The Right-Minded View On Iain Duncan Smith’s Resignation
In many ways, Iain Duncan Smith’s resignation exemplifies his entire period in office, as the Secretary of State for Work and Pensions.
Smith was a deeply principled man, of noted integrity, and seemingly limitless compassion. Give or take. He was also a well-regarded intellectual – having overcome tremendous odds, in order to graduate with a PHD in Believeonomics from the prestigious University of Perugia.
In between matriculation, and entering public service, Smith enjoyed a successful career in the military – rising to the rank of private, in the same space of time as most people would would attain the status of corporal. Under his straight and level eye, the barracks’ stationery cupboard he oversaw never had its integrity breached, even once: in three years, not a single paperclip was unaccounted for; whilst he replenished depleted stocks of staples and pencils without fear or favour. This period would foreshadow his oversight of the Universal Credit programme.
In between leaving the military and being appointed the Secretary of State for Work and Pensions, however, Smith founded the Faith-Based Institute for Social Justice – which epitomized his time in government office. Smith would let nothing stand in the way of his efforts to reduce poverty in Britain; by redefining the term it until nobody could be said to live in poverty by any official definition.
Instead of using the amount of money somebody has to measure the amount of money they have, the Iain Duncan Smith opted instead for much better forms of evaluating poverty. For example, whether someone could balance an umbrella in the palm of their hand; how many types of hat they were able to name in a minute; and the number of empty flour bags or potato sacks they may have to dress themselves with, during the cold winter months. Besides, if money was a bit short, then people could simply follow the sterling example set by Mr Smith himself; and make good any financial difficulties they experienced, by marrying into a generous inheritance, and using Parliamentary expenses.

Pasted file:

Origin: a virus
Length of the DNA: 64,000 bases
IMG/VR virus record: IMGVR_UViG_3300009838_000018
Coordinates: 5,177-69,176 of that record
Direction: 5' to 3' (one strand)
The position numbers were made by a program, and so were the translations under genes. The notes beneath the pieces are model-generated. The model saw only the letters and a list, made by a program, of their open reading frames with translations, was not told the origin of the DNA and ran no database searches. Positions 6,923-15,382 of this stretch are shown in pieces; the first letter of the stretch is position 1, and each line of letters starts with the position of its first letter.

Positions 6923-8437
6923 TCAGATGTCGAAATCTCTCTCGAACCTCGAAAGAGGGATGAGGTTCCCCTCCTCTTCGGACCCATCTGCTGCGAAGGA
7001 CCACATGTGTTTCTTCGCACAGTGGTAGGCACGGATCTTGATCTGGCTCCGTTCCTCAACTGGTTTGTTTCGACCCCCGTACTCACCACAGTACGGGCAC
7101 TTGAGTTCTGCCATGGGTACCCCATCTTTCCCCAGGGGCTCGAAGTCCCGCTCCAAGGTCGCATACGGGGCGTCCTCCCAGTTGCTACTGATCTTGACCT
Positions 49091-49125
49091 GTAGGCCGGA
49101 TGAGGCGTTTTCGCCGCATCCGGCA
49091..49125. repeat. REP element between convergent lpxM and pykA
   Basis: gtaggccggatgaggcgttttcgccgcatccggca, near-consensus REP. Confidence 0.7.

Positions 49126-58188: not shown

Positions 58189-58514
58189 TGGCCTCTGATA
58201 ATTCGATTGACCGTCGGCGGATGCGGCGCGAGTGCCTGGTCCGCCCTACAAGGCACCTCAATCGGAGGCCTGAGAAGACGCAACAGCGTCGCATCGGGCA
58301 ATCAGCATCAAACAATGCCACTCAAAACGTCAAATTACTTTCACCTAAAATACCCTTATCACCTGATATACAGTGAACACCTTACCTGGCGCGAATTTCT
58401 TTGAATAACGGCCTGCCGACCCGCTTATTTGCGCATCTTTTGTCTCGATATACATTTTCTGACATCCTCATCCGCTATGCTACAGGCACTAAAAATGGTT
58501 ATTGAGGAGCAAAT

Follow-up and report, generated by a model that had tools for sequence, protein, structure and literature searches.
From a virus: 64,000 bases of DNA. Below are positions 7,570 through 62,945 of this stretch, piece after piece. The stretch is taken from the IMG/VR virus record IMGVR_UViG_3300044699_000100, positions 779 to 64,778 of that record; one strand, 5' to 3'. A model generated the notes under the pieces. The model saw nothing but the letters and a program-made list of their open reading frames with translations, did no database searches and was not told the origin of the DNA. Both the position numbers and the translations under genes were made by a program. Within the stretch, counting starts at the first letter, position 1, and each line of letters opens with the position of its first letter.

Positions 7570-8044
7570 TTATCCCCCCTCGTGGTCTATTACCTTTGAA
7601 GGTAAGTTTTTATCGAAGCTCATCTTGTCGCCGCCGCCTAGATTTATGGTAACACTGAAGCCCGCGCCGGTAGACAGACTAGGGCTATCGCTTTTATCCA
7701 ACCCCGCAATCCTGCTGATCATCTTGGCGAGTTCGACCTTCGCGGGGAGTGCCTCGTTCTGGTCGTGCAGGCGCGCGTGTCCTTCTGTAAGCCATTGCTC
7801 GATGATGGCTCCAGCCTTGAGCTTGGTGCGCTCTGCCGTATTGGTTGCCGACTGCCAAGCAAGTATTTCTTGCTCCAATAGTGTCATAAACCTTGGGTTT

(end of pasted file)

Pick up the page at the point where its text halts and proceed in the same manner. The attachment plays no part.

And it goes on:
Nor was Smith ever one to shirk a challenge – while data, statistics, consultations, and expert opinion might suggest that one of his policies was a bad idea, you’d better believe Smith would press on, undeterred. “We must pound people with the iron-fist of compassion” he declared; “and grind them beneath the boot-heel of kindness”. And this he did, at every opportunity, through the steady application of Believeonomics.
In many ways, Smith was the great reformer of our times: determined to end the something for nothing culture he saw all around: wheelchair users being given free ramps; blind people gifted free walking canes; or the sick and ill being granted free oxygen. The exhibits of our society’s something for nothing culture were simply endless – until Smith intervened.
And the people were thankful – their gratitude knew no bounds. People incapacitated by chronic illness appreciated the positive impact that a sanctions-based diet could have. Those who could barely afford to pay the rent on their properties soon found out how much simpler life could be when you lived on a rent-free pavement instead. What’s more, people who were short of the odd lung – or two – would be mentored by a work programme coach until the missing organs had grown back.
However, people who were too ill to work – be they suffering from degenerative conditions, or having lapsed into a coma – were perhaps the most thankful beneficiaries of Smith’s benevolent policies, among all: as many thousands of them undertook a work capability assessment, and were found to be perfectly healthy once again; as many an autopsy would denote shortly afterwards.
This was all for people’s own benefit, of course. If the six years of his time in office can be neatly summed-up, it is that Iain Duncan Smith only wanted to help people help themselves.
Perhaps Smith’s own words should be his epitaph here, however: “I’m proud of our welfare reforms“.